Star Wars: The Rise of Skywalker

The Skywalker saga started more than 40 years ago. I, like many of us, grew up with the fantastical world George Lucas created. It shaped my childhood. It followed me as I grew up. Then it reappeared when I was an adult with George Lucas feeling the need to release the “special edition” versions of the film. Yes, these were completely unnecessary. Yes, they ruined small moments, like having Han shoot first. Nonetheless, my love of Star Wars never waned.

Then came the prequel trilogy. Yes, they were a mess at times. When you have something as globally adored as the originals, nothing was going to live up to the hype. I think the biggest issue is that Lucas and company were trying to tell us a story that we didn’t need to see. In telling this story, they have to shoehorn everything to fit into the right timeline to match up with the original trilogy. The other issue is that they felt nothing like the OT. The spaceships were too shiny. The characters were too weirdly developed. The whole thing just didn’t feel right. Yet, even with things like the politics of a trade dispute, stiff acting, and yes, Jar Jar, they aren’t really that bad. Maybe that’s just how entrenched I am into the Star Wars universe.

When Disney bought the franchise, there was a lot of talk about what they would do with the movies. Would they become cutesy movies made for kids with the sole intention of merchandising? (Let’s be honest, though. After the success of A New Hope, everything about Star Wars was about merchandising. Just watch Spaceballs and you’ll see just how bad it is.) Instead, Disney gave us what we all wanted: a Star Wars sequel that felt like the originals. But that wasn’t good enough. “It’s just a retelling of A New Hope.” And you’re right. It was. It was the same storytelling, the same look, the same technology. They even brought back the characters we love. It was the nostalgia we all said was missing from the prequels. And people hated it.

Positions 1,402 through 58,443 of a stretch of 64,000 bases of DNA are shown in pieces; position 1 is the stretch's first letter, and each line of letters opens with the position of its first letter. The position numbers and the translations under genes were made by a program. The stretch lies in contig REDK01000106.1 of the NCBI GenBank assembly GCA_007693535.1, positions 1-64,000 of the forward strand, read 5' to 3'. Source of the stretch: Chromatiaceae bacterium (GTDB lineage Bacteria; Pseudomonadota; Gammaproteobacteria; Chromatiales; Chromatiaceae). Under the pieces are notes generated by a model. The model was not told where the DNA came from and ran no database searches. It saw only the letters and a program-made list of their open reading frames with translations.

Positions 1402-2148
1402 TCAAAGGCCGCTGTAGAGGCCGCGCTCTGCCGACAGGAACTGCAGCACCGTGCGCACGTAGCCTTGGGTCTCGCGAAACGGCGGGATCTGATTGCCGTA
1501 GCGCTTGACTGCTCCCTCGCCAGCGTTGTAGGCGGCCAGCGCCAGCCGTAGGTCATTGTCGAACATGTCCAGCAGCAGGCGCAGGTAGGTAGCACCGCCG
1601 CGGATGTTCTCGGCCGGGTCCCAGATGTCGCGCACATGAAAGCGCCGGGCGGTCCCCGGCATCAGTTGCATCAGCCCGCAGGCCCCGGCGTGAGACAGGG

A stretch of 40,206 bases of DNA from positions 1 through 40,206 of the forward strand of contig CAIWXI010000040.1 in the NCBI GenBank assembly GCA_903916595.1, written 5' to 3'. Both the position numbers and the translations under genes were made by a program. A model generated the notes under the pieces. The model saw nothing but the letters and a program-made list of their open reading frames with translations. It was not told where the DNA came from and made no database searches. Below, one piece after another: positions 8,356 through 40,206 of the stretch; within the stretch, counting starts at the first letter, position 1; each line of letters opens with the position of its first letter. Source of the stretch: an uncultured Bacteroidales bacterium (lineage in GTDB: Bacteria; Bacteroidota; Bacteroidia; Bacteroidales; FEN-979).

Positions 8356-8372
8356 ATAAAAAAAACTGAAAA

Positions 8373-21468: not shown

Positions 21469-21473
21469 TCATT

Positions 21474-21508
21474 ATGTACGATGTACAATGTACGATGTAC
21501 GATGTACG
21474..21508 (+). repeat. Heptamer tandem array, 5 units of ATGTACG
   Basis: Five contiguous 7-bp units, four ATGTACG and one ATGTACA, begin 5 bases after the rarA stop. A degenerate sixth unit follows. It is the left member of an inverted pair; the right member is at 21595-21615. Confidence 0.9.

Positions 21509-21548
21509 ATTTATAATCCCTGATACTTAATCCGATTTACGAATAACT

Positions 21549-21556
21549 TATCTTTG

Another sequel and a couple extra prequels brought us more of the same. Movies that felt like Star Wars. And people still weren’t happy. Yes, Solo was a misstep in the vein of the prequel trilogy – another story we didn’t need. One that didn’t need to be told. Let the mystique of Han’s past live in our minds. Aside from that one, the movies were solid, well made films.

That brings us to The Rise of Skywalker. If you haven’t guessed, I’m not giving you any details about what happens in the final chapter of the Skywalker story. Just know that it picks up with the characters we’ve met in this trilogy trying to stop the First Order with the fate of the galaxy at stake. It is, essentially, a retelling of Return of the Jedi. The acting is good. The effects are exactly what you expect from a Disney-backed Star Wars. It is, again, a solid film. It does an excellent job of not only wrapping up the saga, but tying it back to the OT.

The Rise of Skywalker gives us a little bit of everything that people have been wanting and hoping would happen. And, again, people hate it. Had J.J. Abrams gone any other route, and not given us some fan service, people would have hated him for not giving us what we want.

A fitting end to arguably the biggest film franchise in history, learn as little as possible about The Rise of Skywalker and go in without any preconceptions. All the characters you know and love get a fair, satisfying ending to their story. Is it a perfect film? No. But it definitely does not deserve the response it has received. Remember that Star Wars was meant to be a scifi soap opera/western. One that could be enjoyed by all ages. Watch it with an open mind and the intent of just enjoying seeing the end of the saga you’ve grown up with. You won’t be disappointed.

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